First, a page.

A British doctor had lived up in northeast Uganda in the Karamojong district for about ten years. He told Dave and I some funny stories. Although he had been there for a fairly long time, he mostly felt forced to leave and come to the Kampala area because it was just too dangerous for his family. When they went out for a “safari” on Sunday afternoons [which in its colloquial definition simply means taking a Sunday family drive – nothing such as we see in movies], they would sometimes be shot at while the K.s were target practicing. The K.s often were seen nude and wandering around villages carrying AK-47s.

Anyhow, one of the suggestions I made to Pastor Job was that, even though they couldn’t change the names of their tribes, the Christians in the tribes could meet and repent for the curses attached to the names and seek forgiveness from each other and ask the Lord to redeem the negative actions and traditions and show them ways for active reconciliation and bring this hundreds-years antagonism to a halt.

We discussed this from several standpoints for about an hour. When he was leaving, Job said, “I thought I was coming here just for the money; that is not why I was to come. This is one of the most important spiritual lessons I have ever heard.”

I’ve often wondered where things went... Job and I have lost contact. But we had a great deal of respect for each other.

Think about how this might fit into your family, neighborhood, region, nation. I believe very strongly that it is the truth. It’s a huge battle we must keep in mind.

Tell Me a Story


  1. That's a LOT of reading (honestly, sometimes, I don't have time to read longer posts) but the gist is so true how just one little thing can cause such a great problem.

    1. I am AMAZED! I just looked at this for a reason to slide it to my other caryjo-roadrunner, b/c I hadn't added anything to this for 3 years. And the reason I gave up, is b/c I didn't want to start some fights. This just broke into my heart, and I might have a reason to keep moving forward with it. Thank you so much!!! And email me on the side any time there's a question/issue. I'm filled with grinning joy.

  2. I is important to know where you came from to understand certain behaviors. I usually refer to this as generational sin (killing another tribe because we have always stolen and killed from that tribe) and it applies as aptly in America as elsewhere~generational sin of fornication, lying, cheating, adultery, all types of abuse~It is so important to find the root and dig it out!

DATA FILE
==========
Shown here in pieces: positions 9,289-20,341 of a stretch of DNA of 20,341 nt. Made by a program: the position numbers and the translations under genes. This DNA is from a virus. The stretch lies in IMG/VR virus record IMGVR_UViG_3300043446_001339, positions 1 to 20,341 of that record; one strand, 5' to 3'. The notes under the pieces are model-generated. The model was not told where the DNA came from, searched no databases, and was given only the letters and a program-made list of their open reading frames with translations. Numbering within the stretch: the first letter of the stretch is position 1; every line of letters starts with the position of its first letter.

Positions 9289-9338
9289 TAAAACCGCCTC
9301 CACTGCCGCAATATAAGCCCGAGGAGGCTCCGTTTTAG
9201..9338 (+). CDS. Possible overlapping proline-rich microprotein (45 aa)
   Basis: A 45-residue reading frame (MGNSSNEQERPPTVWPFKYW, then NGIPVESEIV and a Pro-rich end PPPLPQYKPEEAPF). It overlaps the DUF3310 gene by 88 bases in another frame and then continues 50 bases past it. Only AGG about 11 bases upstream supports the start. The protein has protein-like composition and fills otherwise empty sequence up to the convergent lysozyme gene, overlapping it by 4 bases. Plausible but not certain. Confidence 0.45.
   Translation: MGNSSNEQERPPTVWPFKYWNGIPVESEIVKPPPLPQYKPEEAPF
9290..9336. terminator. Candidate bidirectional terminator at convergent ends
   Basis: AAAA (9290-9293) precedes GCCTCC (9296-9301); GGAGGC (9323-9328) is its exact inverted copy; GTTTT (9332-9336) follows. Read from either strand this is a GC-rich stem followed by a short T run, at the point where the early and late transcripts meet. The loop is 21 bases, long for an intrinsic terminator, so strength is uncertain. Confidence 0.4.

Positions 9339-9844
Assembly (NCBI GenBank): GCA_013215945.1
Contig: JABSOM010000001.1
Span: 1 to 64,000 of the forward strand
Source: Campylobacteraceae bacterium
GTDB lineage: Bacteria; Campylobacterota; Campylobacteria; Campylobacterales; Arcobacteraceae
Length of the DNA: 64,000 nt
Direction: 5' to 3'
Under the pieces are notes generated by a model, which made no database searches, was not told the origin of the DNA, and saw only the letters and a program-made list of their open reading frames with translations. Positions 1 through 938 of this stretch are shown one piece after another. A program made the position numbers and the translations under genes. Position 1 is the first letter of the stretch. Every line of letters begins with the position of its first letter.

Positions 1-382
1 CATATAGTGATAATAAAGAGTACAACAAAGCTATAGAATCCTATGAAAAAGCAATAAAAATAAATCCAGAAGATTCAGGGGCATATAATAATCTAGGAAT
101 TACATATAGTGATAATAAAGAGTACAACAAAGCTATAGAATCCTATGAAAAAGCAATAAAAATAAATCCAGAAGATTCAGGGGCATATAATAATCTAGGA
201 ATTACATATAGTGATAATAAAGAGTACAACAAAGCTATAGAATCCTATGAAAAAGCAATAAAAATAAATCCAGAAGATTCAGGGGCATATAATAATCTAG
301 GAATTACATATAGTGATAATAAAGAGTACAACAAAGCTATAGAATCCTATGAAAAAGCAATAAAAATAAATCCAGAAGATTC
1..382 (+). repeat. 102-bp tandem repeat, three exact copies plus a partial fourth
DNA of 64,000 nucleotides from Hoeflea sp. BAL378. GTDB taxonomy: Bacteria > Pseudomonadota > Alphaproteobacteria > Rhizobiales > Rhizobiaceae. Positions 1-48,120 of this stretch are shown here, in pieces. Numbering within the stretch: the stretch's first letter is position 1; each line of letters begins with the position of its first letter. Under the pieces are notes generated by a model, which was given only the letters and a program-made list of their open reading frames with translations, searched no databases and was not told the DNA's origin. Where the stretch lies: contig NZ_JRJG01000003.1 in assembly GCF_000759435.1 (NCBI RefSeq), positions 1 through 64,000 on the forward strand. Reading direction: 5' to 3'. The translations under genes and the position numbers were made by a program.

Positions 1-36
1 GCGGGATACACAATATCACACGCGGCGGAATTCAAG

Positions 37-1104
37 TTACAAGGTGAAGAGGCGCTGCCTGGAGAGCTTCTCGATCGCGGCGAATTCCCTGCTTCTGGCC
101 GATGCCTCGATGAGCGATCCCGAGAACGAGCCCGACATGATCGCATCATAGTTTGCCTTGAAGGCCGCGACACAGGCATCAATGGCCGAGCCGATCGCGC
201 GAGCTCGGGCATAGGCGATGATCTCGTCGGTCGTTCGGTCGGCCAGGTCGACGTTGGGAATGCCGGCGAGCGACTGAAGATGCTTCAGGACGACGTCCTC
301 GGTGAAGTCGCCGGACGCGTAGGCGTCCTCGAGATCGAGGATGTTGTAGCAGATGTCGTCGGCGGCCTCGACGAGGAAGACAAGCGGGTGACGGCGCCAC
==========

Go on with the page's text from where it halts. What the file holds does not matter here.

Keep up the God work. and thanks for stopping by Life, Love, and Laughter.

    1. Thank you. I'm overflowing with amazement that these have been read and I had no idea they had not been lost. NOW, if the Lord lays it on me, I'll take the courage again to share what I know spiritually... in darkness and LIGHT You just blessed me.

  3. When I clicked over here to this dumpster-diving blog from a comment you made elsewhere, I was at first very excited to read your sidebar about your "thinking too much" and the kinds of things you think about, and about your writing. And your quotes there are stellar! I knew I had found a blogger worth reading... Then my heart fell as I noticed that you haven't blogged for two years - ack! But THEN I found to my great relief that you are still blogging on Roadrunner! Whew!

    1. Now I might have the courage to post on this again. I quit b/c I knew many people would be angry at me for being so bluntly serious. NOW I may open the door. WOW!!!

  4. Acknowledging the problem and doing both repentance and forgiveness will go a long way in breaking the powers of the enemy. Thank you for sharing this at "Tell Me a Story."

  5. I have had a few times when I needed to use Spiritual Warfare. I use three things...As stated in Gods Word, 1/ And they overcame him by the blood of the Lamb, and by 2/ the word of their testimony; and they loved not their lives unto the death.
    The word of our testimony, "For the weapons of our warfare are not carnal, but mighty through God to the pulling down of strong holds;) 2 Corinthians 10:4...
    Jesus always said, "It is written" before he quoted the Word of God, so I do this also.